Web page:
Outside of security-group creation, most VPC configurations are prohibited through AWS Identity and Access Management (IAM) permission boundaries. However, SOCA has sample CloudFormation in the install-with-existing-resources.template to demonstrate using an existing VPC and subnet IDs, along with other resources that’ll be discussed below, rather than creating them at provisioning time. This let Amgen simply plug in the appropriate shared VPC and subnet information into the configuration.

IAM roles and policies

There is a standard IAM boundary policy that must be set for all user-assumable roles in Amgen’s landing zone environment. Part of the enforcement mechanism is that the boundary policy prohibits creation of any new IAM roles that do not also have the same permission boundary. This often means that automated installation of solutions like SOCA will fail when attempting to provision new IAM roles, because they do not have a way to specify a permission boundary policy.

To align with compliance requirements that all new roles have a standard permission boundary attached, the Amgen team added permission boundaries to all roles created. To work around this, the roles required by SOCA were pre-created in the SOCA prerequisites template referenced earlier, and each role was modified to include the standard permission boundary. An example IAM role is shown in the following image.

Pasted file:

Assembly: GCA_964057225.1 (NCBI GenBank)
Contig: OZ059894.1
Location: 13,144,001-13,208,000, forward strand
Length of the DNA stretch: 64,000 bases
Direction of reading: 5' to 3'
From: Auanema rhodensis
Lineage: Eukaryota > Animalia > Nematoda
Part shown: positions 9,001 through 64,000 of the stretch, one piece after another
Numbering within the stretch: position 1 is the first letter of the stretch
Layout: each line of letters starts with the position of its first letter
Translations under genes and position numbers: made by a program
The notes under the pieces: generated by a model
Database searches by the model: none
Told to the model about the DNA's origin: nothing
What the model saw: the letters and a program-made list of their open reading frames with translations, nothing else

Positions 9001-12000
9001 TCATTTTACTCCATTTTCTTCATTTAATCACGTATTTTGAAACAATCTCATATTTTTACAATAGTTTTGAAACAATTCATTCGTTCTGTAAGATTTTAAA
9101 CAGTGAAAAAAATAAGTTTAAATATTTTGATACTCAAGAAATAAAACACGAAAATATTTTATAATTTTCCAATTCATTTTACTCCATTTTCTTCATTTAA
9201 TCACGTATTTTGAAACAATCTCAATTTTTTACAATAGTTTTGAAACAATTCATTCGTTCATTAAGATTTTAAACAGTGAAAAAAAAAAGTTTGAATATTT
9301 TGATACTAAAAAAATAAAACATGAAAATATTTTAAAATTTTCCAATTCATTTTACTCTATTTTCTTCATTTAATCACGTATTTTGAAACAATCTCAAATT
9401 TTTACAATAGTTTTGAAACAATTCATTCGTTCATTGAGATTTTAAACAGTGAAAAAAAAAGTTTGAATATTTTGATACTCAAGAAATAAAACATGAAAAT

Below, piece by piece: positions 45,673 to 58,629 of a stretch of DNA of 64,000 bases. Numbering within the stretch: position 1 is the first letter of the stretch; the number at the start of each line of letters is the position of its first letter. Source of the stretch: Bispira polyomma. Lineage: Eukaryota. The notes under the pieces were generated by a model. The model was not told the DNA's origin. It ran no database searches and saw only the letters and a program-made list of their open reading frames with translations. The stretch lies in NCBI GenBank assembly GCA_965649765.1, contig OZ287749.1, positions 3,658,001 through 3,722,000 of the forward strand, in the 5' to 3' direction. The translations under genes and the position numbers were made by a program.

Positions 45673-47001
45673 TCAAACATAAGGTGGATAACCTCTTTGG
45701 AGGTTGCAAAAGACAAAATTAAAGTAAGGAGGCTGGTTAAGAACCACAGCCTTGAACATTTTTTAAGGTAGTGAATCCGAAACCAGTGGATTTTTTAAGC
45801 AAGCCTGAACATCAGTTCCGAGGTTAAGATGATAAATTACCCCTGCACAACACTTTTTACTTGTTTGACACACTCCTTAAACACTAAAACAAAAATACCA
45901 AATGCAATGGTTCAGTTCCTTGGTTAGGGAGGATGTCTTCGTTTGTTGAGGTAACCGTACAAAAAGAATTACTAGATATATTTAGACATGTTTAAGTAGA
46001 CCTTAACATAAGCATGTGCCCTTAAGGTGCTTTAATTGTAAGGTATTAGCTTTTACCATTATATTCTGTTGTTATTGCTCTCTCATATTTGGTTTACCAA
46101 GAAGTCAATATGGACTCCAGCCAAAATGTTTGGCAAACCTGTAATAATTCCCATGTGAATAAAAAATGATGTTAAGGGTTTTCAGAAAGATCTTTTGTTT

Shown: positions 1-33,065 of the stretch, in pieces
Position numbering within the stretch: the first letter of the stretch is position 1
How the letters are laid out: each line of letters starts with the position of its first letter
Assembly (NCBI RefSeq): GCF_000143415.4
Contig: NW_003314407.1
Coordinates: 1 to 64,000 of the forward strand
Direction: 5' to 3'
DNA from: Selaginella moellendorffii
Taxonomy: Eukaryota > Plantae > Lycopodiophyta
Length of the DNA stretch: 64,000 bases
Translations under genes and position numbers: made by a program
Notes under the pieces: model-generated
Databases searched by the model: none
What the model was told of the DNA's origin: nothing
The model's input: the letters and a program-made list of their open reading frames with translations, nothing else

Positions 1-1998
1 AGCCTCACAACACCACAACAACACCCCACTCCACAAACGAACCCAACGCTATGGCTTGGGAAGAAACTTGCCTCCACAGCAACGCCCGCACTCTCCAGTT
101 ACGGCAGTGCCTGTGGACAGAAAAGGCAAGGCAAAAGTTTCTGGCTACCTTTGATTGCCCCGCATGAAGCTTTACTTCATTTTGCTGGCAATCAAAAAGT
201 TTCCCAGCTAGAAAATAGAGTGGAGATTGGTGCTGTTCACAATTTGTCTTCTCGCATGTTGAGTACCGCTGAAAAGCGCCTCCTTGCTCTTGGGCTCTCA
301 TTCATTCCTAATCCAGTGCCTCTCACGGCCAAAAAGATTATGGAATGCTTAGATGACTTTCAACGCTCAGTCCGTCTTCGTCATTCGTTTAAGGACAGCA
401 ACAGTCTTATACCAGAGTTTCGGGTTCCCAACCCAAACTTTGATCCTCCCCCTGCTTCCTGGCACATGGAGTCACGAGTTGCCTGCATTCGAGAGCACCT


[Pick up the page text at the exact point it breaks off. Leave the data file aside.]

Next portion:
Figure 2: Sample defined IAM Role showing the trust policy

Figure 2: Sample defined IAM Role showing the trust policy

User authentication

Amgen uses a standard cloud-based identity provider for all user authentication in the landing zone environment and desired the same for the SOCA UI. Fortunately, SOCA includes an option for users to create an Amazon Cognito user pool for authentication. This is simply a matter of creating the user pool, setting up Amgen’s cloud identity provider as a federated IDP in Amazon Cognito, then configuring the SOCA web app to use the Amazon Cognito user pool for authentication. This allows for the following authentication path, which is quicker than it looks and requires little to no intervention by the users.

Figure 3: End to end user authentication flow

Figure 3: End to end user authentication flow

HPC system operations

Persistent infrastructure

The Amgen team also wanted to minimize any permanent Amazon EC2 instances that would require ongoing maintenance and patching. Since most data and custom applications in SOCA reside on managed infrastructure, the Amgen and AWS teams were able to collaborate on factoring out a set of permanent infrastructure components that would continue to persist through updates to SOCA’s infrastructure.

This resulted in a SOCA “prerequisites” CloudFormation template that includes: